Juju: 14.

DJB: Did you have any kind of follow-up, or "integration" after the mushroom or ecstasy trip--where you sat down with the people you did it with, and talked about it?

Juju: I sat down with my mom and talked to her about it. But I never really spoke to the guy I was in love with about it. I just told him it was fun.

DJB: How have drugs or psychedelics affected your life?

Juju: They made me more open-minded, definitely. I can accept people a lot easier for their differences. And, like I said, I felt more at one with the universe. So I kind of just accept things the way that they are, and I don't really think too much about the unknown. And I'm not really scared of anything like that. I'm just a lot more laid back. I don't feel feelings of jealousy as much. I can deal with hard situations a lot easier. Just basically because I'm more optimistic I think. I do actually think that some people can go overboard with drugs, but if you do it once in awhile, like a special occasion thing, I think it's a really good experience.

DJB: Were there other people in your community doing this in a similar fashion? Did you see yourself as having peers, in the context of a community?

Juju: I've smoked pot with a lot of peers and friends. And I used to drink with a lot of peers and friends. But I didn't trip with any peers or friends; I just tripped with my mom and my older boyfriend. When I did ecstasy I was with a lot of people, some of them were about my age, and some of them were like in their early twenties. It was just a big party, but it was at my home, and my mom was there.

DJB: How would you say your use of mushrooms and ecstasy affected your relationship with your mom?

Juju: I think we actually became a lot better friends after that. It's less of a mom and daughter kind of a relationship. We still have that, but it also added a really close connected friendship.

DJB: How do you discuss the topic of drug use with your mom?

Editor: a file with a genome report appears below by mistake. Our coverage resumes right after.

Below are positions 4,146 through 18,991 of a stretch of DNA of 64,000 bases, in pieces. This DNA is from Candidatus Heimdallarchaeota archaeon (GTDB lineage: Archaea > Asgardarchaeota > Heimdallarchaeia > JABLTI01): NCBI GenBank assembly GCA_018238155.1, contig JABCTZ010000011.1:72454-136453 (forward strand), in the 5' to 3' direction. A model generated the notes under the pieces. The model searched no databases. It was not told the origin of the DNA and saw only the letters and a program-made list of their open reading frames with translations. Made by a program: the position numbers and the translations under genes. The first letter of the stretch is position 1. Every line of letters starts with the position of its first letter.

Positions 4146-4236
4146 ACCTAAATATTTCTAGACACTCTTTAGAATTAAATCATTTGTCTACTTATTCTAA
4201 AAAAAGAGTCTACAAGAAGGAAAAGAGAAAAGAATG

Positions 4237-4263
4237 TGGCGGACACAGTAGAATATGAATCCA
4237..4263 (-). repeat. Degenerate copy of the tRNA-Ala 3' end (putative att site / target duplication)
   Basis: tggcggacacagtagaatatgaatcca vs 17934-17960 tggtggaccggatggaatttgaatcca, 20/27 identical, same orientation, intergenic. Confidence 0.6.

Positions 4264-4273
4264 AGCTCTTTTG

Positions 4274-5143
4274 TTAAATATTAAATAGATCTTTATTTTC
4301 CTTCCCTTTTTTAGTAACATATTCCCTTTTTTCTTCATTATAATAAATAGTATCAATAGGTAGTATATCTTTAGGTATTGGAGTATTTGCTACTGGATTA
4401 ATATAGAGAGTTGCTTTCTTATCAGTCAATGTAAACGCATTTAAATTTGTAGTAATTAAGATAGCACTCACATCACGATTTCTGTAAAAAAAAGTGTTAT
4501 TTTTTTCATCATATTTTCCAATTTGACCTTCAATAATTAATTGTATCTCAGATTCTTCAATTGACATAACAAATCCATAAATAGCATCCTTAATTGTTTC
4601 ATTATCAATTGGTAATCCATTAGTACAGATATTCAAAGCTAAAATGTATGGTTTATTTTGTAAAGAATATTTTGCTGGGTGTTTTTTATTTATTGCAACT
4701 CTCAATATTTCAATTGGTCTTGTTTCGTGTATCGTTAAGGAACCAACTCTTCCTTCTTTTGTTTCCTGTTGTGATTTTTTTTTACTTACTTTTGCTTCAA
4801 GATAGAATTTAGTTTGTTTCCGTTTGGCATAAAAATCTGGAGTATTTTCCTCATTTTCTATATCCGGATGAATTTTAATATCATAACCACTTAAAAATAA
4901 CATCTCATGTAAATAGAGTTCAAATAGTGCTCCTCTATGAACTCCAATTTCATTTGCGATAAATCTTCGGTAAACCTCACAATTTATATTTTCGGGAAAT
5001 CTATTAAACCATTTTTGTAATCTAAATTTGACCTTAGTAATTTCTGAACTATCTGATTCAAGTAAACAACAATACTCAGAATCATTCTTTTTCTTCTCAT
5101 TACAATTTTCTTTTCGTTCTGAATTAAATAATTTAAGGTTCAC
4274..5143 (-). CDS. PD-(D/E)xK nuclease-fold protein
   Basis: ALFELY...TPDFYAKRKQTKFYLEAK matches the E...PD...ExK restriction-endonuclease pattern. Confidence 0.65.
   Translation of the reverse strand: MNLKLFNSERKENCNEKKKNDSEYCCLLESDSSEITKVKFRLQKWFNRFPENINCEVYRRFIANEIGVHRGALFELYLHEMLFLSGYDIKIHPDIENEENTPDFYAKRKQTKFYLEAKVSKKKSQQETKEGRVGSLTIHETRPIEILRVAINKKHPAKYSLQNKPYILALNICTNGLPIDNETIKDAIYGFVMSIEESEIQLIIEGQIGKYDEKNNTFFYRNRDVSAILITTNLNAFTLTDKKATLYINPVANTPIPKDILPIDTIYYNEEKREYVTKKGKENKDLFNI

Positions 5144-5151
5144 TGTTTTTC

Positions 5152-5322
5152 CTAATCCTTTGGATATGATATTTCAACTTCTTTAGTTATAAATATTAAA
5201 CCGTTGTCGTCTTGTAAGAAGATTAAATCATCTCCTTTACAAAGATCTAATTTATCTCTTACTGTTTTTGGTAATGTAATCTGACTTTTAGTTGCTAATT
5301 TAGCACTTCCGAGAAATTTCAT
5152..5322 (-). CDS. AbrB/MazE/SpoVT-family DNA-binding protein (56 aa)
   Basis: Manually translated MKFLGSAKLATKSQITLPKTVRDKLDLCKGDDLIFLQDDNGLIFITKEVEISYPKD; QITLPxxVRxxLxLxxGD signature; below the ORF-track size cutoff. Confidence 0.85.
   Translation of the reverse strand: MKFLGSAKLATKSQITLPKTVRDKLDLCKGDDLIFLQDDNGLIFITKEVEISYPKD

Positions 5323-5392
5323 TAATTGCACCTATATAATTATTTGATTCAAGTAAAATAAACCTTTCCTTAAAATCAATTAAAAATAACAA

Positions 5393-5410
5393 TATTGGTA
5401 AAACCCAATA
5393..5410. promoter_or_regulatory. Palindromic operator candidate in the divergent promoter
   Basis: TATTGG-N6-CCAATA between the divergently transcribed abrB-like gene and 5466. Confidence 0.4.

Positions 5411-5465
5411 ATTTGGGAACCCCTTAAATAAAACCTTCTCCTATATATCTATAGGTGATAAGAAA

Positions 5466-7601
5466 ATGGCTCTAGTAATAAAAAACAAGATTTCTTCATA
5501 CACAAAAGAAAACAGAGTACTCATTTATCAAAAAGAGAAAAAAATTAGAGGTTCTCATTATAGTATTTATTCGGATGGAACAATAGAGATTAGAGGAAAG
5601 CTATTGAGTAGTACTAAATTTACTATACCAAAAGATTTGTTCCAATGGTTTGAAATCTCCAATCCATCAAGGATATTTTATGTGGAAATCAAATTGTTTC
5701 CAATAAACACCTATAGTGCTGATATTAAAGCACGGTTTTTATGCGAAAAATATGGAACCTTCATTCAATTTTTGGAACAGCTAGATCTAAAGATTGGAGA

Juju: We talk about it only when we're by ourselves. We don't usually talk about drugs together when we're in front of people that we're not familiar with. Like sometimes, around our closest friends, we don't mind talking about in front of them, but we're pretty cautious. We don't like a lot of people to know that we do it together. But whenever we talk about it, usually we say positive things. We also sometimes talk about some people that are airheads because they do too many drugs. But as far as our own experiences, I don't think we've ever really said anything negative about it.

DJB: Do you find the topic uncomfortable to discuss with her?

Juju: Oh definitely not. Like I said, she's one of my best friends.

DJB: Knowing what you know now, and thinking back on your experiences with drugs, would you have done anything differently?

Juju: I wouldn't have become an alcoholic. Alcohol is definitely not a smart drug to use. I can't think of a positive experience that came out of it a single time.

DJB: Do you think that the nation's current approach to drug use helps or hurts your ability to find accurate information about the risks and benefits of drug use?

Juju: It's definitely not a good thing. Yeah, the government, they definitely don't play a good role in it. I can't figure out any benefits of drugs from the government; they only tell me the bad things. And basically, as soon as I hear all these bad things, I know that half of them aren't even true. Like about marijuana, I can tell that they lie about it sometimes, because I am a pothead. Knowing that they never say anything good about it, tells me that they're probably doing the same thing with other drugs. They're only saying bad things and probably making up stuff about them.

DJB: What do you think can be done to help educate people better about the risks and benefits of drug use?

Juju: I don't know, maybe have school programs or something. But not only tell the bad sides of drugs. Tell the positive aspects of drugs, and teach moderation and stuff like that. I mean, everybody's going to do drugs anyway, so it would be better if they knew to do it in moderation, rather than go overboard and do it all the time.

David J. Brown webpage